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Despite our continued exposure to an excess of high-profile or sensational crimes, the assassination of a judge still sends us reeling, still strikes us as deeply offensive. Why? Because we sense it for what it is: an attack on something fundamental, something basic, to our way of life.
Former senator Rene Saguisag wrote about the lawyers who handled the defense of former chief justice Renato Corona during the latter’s impeachment trial (Opinion, 1/31/14).
By Oscar Franklin Tan
One cannot emphasize enough how voiding the Reproductive Health Act will destroy our legal system. So are we as a society willing to uphold our democratic institutions’ integrity regardless of individual views on the RH Law?
By Neal H. Cruz
Do you know that we taxpayers spent P35.2 billion last year for just one insignificant law? That’s how much we spent for Congress, including the Commission on Appointments (CA) which is composed of senators and congressmen, and their pork barrel, which had not yet been declared unconstitutional by the Supreme Court last year. In return, Congress last year passed only one minor law: the one-page Republic Act No. 10632, which suspended the 2013 Sangguniang Kabataan elections. For that one law, Filipino taxpayers spent P35.2 billion! That merits a place in the Guinness Book of World Records.
By Rina Jimenez-David
Her name is Marlise Munoz, and she is 33, the mother of a year-old boy and pregnant with her second child. She is also lying in her bed at the ICU of John Peter Smith Hospital in Fort Worth, Texas, in the United States, declared “brain dead” by her doctors. But Marlise and [...]
The way things are taking shape, Napolesgate, which began in the court of public opinion, will come home to roost in the courts of law. The Filipino fascination with law as almost a secular religion is perplexing, since the Supreme Court itself twice validated pork barrel in the past.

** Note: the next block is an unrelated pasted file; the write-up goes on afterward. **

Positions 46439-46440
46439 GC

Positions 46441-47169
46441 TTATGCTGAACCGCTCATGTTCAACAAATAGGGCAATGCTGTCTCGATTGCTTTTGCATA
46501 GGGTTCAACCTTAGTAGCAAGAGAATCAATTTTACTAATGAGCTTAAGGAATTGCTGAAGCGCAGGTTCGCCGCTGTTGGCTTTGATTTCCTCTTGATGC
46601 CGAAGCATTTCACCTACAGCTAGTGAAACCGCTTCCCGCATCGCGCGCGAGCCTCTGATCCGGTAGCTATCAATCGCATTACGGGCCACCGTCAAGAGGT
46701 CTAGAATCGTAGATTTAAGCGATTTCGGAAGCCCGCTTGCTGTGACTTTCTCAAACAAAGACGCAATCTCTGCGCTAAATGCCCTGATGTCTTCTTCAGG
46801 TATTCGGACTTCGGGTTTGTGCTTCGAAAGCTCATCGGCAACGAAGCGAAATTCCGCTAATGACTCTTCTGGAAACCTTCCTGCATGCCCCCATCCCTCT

We have resoundingly spoken against pork barrel, and yet our leaders still seem hell-bent on lavishing largesse upon themselves. Are we totally helpless? Former Chief Justice Reynato Puno says we are not. We hold the power of “direct initiative” to bypass Congress and abolish pork on our own. Puno’s proposal is fraught with hope, but likewise risks disappointment.
By Artemio V. Panganiban
As one of the 10 holders of the “Chief Justice Panganiban Professorial Chairs on Liberty and Prosperity,” Dean Jose Manuel I. Diokno began his lecture with two questions: Is justice an imported Western concept? Do we have a native Filipino concept of justice?
By Oliver P. Cachapero Jr.
In one of my hearings before the Municipal Trial Court, while waiting for my case to be heard, I witnessed how the judge handled a theft case. It was unfortunate for the accused. By then, the courtroom was packed with people—the judge, court employees, prosecution team, private lawyers including myself, the accused and their victims [...]
During his inaugural address, President Aquino asked if we the citizens had ever waited patiently in traffic for several hours only to be brushed aside by officials of an uncaring government. He promised no more of that.
By Randy David
During certain periods, crime acquires a high visibility, the result usually of diligent reporting by the mass media. “Moral panic” sets in, putting pressure on the police and the courts to show that justice is not asleep. Thus, for a while, the public may be treated to a flurry of arrests and a surge of decisions meting out harsh penalties to convicted offenders. In such ways do societies seek to restore the authority of the law.
Last February, to much fanfare on the part of Congress and Malacañang, President Aquino signed into law a bill authorizing compensation of P10 billion (about $230 million) to victims of human-rights abuses by the Marcos dictatorship.